Mentoring and Role Modeling
This strategy links STEM professionals with girls who have limited knowledge of the availability and relevance of STEM study and career opportunities. Interacting with scientists and engineers from local industry, universities, or research facilities; physicians; nurses; veterinarians; radio and television technicians; and others in technical professions permits girls to see STEM professionals active in the community. Interventions that take place in the work place, such as career-shadowing field trips, are particularly suited to this purpose.
The opportunity to spend a week or more in a setting that encourages girls to pursue their STEM interests in the company of like-minded peers can be invaluable for girls who do not receive positive support in the traditional school setting. Summer camps sponsored by universities, community groups, museums, or research facilities offer an intensive exposure to STEM concepts and skills, often in more depth than school curricula provide. Personal growth (enhanced self-confidence and STEM self-efficacy) as well as academic accomplishment often result from such summer camp experiences.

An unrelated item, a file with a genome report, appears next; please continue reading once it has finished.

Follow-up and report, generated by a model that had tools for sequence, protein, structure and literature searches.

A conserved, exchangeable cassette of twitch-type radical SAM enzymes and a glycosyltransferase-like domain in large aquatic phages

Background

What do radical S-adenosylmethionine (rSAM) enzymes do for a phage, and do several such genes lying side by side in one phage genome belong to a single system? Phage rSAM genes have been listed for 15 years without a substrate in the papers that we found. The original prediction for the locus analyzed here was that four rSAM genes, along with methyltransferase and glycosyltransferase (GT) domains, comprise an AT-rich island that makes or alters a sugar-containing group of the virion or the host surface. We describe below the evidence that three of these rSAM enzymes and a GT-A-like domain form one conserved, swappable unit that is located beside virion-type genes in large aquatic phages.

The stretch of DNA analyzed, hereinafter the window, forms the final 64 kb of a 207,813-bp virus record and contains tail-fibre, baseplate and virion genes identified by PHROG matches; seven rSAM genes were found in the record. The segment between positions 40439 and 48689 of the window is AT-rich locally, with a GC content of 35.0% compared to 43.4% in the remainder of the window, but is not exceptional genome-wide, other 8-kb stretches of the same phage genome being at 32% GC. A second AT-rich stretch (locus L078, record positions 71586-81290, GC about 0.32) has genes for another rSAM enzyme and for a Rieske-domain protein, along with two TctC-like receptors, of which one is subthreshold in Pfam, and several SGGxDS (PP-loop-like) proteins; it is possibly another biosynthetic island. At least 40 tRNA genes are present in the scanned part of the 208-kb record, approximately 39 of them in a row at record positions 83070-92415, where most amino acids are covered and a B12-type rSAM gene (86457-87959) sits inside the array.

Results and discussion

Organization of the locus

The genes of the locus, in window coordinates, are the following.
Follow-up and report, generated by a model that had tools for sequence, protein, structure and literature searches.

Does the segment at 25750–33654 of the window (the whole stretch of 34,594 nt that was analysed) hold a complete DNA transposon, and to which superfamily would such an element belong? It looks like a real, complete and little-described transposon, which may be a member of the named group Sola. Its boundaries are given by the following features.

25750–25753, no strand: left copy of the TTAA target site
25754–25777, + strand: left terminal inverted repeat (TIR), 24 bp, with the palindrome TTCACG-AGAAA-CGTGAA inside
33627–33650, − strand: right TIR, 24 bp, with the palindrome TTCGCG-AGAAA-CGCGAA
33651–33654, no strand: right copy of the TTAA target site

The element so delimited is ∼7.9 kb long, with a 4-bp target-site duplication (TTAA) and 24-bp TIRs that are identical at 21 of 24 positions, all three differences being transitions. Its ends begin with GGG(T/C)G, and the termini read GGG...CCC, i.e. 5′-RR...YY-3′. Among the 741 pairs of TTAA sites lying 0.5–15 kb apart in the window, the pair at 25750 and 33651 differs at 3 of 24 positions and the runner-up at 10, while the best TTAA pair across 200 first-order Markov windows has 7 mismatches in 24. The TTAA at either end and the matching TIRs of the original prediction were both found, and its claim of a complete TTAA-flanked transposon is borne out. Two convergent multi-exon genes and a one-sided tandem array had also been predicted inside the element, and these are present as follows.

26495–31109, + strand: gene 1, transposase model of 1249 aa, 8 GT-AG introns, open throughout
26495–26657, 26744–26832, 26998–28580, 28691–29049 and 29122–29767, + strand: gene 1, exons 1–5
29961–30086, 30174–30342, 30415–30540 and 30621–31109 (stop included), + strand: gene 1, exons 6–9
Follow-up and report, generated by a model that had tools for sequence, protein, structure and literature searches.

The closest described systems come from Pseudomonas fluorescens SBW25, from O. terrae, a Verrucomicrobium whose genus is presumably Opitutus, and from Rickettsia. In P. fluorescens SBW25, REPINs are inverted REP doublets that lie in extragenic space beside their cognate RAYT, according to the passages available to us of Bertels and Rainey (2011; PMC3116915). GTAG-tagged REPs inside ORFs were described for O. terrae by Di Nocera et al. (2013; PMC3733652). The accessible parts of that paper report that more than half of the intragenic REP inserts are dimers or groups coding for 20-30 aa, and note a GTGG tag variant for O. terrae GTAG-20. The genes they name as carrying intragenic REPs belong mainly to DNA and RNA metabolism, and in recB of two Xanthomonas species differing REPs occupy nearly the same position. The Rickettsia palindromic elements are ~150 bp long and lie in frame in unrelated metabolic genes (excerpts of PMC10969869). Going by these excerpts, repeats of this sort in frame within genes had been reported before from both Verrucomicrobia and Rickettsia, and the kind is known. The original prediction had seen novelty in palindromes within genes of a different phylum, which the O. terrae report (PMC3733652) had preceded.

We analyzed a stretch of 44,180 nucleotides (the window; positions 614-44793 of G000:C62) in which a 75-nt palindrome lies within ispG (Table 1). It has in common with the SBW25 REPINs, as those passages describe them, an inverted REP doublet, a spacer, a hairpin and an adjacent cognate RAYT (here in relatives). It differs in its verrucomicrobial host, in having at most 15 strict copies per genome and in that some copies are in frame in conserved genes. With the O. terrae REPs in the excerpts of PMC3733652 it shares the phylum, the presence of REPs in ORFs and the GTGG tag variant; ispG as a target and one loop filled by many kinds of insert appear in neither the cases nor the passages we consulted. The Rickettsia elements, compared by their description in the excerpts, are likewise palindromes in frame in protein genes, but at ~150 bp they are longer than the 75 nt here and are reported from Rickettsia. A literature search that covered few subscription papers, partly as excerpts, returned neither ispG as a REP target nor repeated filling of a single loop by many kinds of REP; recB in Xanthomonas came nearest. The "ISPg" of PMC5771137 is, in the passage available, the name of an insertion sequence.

Research in teaching and learning demonstrates that for many students the best way to learn is to do. Engaging girls in the research process through meaningful internships in local industry or universities broadens their horizons, gives them opportunities to learn new skills and demonstrate their proficiencies, provides role model contact with STEM professionals, and sparks personal and academic growth. Early internship experiences may shape the education and career plans of girls as early as middle school, encouraging them to form long-term career goals.
Cyberspace as a New Setting
As technology proliferates, so do opportunities to engage girls in meaningful STEM experiences online. The electronic realm of cyberspace has become a “setting” for STEM interventions in recent years. Several recent interventions centered on helping girls make connections with female STEM professionals via e-mail or the Internet. Although electronic mentoring, or “telementoring,” lacks the immediacy of face-to-face relationships between mentors and mentees, the benefits to girls in communities where female role models in STEM are unavailable are very real.